English Barleywine

BJCP 17d

Overall Impression
A showcase of malty richness and complex, intense flavors. Chewy and rich in body, with warming alcohol and a pleasant fruity or hoppy interest. When aged, it can take on port-like flavors. A wintertime sipper.
Comments

The richest and strongest of modern English Ales. The character of these ales can change significantly over time; both young and old versions should be appreciated for what they are. The malt profile can vary widely; not all examples will have all possible flavors or aromas. Paler varieties won’t have the caramel and richer malt flavors, nor will they typically have the darker dried fruits – don’t expect flavors and aromatics that are impossible from a beer of that color. Typically written as “Barley Wine” in the UK, and “Barleywine” in the US.

History
Strong ales of various formulations have long been brewed in England, and were known by several names. The modern barleywine traces back to Bass No. 1, which was first called a barleywine in 1872. Barleywines were darker beers until Tennant (now Whitbread) first produced Gold Label, a gold-colored barleywine in 1951. Usually the strongest ale offered by a brewery, and in recent years many commercial examples are now vintage-dated and offered as a limited-release winter seasonal specialty. The original barleywine style that inspired derivative variations in Belgium, the United States, and elsewhere in the world.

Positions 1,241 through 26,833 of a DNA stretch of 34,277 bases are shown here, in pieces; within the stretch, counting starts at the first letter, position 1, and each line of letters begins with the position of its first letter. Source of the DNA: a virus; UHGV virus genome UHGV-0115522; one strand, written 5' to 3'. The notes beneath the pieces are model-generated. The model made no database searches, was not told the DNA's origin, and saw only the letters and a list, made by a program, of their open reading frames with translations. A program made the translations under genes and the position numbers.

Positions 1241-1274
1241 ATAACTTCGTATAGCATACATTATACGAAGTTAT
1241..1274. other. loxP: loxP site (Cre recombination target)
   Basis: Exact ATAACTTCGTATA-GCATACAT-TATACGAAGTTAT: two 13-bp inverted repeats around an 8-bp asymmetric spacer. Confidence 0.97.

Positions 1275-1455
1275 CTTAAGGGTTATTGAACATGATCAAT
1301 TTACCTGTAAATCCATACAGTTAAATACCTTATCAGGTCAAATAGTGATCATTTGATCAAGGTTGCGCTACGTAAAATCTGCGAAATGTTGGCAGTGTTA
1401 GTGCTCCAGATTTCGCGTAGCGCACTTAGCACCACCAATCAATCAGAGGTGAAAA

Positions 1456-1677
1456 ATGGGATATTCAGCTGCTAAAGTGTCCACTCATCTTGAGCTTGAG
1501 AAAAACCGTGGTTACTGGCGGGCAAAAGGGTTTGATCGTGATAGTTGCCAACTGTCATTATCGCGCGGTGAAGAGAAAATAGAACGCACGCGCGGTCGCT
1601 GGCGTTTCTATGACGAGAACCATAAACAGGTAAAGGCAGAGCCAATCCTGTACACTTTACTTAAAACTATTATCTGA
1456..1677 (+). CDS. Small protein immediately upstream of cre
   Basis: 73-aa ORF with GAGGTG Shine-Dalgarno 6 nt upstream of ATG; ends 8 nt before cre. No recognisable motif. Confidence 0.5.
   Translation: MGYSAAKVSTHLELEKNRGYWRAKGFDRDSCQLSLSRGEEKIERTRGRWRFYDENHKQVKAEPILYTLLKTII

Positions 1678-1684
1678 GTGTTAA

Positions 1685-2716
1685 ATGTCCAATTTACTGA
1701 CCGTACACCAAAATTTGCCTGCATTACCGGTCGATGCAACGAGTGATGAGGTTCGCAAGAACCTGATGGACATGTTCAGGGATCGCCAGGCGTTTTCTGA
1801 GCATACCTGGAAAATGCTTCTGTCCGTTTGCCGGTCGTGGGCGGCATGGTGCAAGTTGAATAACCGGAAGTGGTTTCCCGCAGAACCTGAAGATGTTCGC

Ingredients
High-quality, well-modified pale malt should form the backbone of the grist, with judicious amounts of caramel malts. Dark malts should be used with great restraint, if at all, as most of the color arises from a lengthy boil. English hops such as Northdown, Target, East Kent Goldings and Fuggles are typical. Characterful British yeast.
Commercial Examples
Adnams Tally-Ho, Burton Bridge Thomas Sykes Old Ale, Coniston No. 9 Barley Wine, Fuller’s Golden Pride, J.W. Lee’s Vintage Harvest Ale, Robinson’s Old Tom